Preserving for future generations
Upper Kachess River dewaters most years cutting off bull trout in Kachess Lake from important reproductive habitat.
KCT is the only local land trust that has a unique role in conservation and restoration efforts in the upper Yakima River basin. The Central Cascades is home to a diversity of habitat types that support a similarly diverse array of critical habitats for endangered wildlife from bull trout and Mid-Columbia Steelhead to northern spotted owl and wolves. The upper Yakima Watershed provides much of the water that supports fish, agriculture, and communities within the Yakima Basin. Through protection and restoration of essential habitats and maintaining critical wildlife migration corridors, there can be a pathway towards species recovery.
Being “just a latte away” from the booming Puget Sound region and its location in the geographic center of Washington State both contribute to Kittitas being the 10th fastest growing county in the country. The current I-90 corridor project that encompasses Stamped Pass to Easton will encourage more growth and development in the upper Yakima Basin, furthering the risk to critical habitats and migration corridors. The county’s population is estimated to increase from approximately 42,500 people to 65,000 in the next 20 years. Of that growth, 40% is estimated to take place in rural areas (around 9,000 people), which has the potential to greatly impact our ecosystems.
Conversions of former landscapes, such as private timberlands and agriculture lands to private development, have a long history in Kittitas County, and there is still significant threat to ensure that important ecosystems are conserved. These are key areas of unique habitat types that support the diversity of species that thrive in our basin and provide critical movement corridors that connect forests, floodplains, rivers, and shrub step habitats. KCT recognizes its role in the community and pays property taxes on the lands it owns. This allows KCT to partner with private and public stakeholders to work on important acquisition projects in the upper Yakima Basin with County support. Through these efforts, critical fish and wildlife habitat, species migration corridors, and ecosystem function and values can continue to be protected in the upper Yakima Basin.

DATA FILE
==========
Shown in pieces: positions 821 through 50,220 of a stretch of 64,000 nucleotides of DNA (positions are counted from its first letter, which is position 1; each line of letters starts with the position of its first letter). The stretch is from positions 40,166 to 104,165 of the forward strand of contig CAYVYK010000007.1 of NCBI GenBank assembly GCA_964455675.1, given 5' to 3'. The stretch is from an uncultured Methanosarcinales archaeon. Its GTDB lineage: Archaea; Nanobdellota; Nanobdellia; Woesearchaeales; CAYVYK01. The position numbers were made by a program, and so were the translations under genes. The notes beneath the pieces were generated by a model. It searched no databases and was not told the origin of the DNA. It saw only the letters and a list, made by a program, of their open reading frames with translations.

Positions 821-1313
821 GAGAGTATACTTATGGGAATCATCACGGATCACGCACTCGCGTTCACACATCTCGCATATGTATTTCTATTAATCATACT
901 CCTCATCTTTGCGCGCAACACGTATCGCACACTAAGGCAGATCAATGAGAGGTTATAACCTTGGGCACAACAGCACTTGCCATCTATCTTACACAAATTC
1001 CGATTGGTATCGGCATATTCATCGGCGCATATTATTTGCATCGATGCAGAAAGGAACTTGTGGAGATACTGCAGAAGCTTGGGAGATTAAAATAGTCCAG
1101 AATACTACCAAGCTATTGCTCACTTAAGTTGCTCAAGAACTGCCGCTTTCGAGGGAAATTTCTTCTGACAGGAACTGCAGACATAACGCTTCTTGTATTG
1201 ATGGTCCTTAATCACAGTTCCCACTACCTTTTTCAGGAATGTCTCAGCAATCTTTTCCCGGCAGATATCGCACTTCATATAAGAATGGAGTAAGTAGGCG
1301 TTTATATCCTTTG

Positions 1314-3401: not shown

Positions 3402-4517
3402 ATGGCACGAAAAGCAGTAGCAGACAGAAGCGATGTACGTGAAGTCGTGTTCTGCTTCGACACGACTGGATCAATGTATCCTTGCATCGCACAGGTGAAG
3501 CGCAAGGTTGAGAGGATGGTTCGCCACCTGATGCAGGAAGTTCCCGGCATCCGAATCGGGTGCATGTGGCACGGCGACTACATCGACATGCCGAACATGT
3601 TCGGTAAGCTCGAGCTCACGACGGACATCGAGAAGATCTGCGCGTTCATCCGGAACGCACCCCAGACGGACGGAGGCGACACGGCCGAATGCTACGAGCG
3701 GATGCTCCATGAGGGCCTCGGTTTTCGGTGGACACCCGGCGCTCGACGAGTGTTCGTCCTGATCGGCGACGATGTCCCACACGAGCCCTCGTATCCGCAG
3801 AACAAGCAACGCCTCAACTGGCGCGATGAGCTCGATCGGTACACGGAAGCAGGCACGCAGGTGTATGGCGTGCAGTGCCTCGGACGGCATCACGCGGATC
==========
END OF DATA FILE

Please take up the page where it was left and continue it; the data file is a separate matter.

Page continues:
KCT protects fish and wildlife and their habitat using a diversity of tactics including:
- Acquiring fee simple properties and conservation easements
- Identifying and implement restoration projects
- Partnering with federal, state, local and private stakeholders
Protecting the Unique Landscapes of Kittitas County
KCT holds easements along several miles of the Cle Elum River corridor.
KCT works with interested and willing landowners to protect lands and waters with high conservation values from development and alteration that could compromise their natural functions. Tools for accomplishing this include direct purchase of land or acquisition of conservation easements.
Land purchase funding typically comes from a variety of sources, including government and foundation grants, and private donations. At the time of purchase, KCT sets aside funds in the form of a land stewardship endowment that ensures we can maintain and enhance the conservation values of this land, as well as provide educational and recreational access to the public where feasible.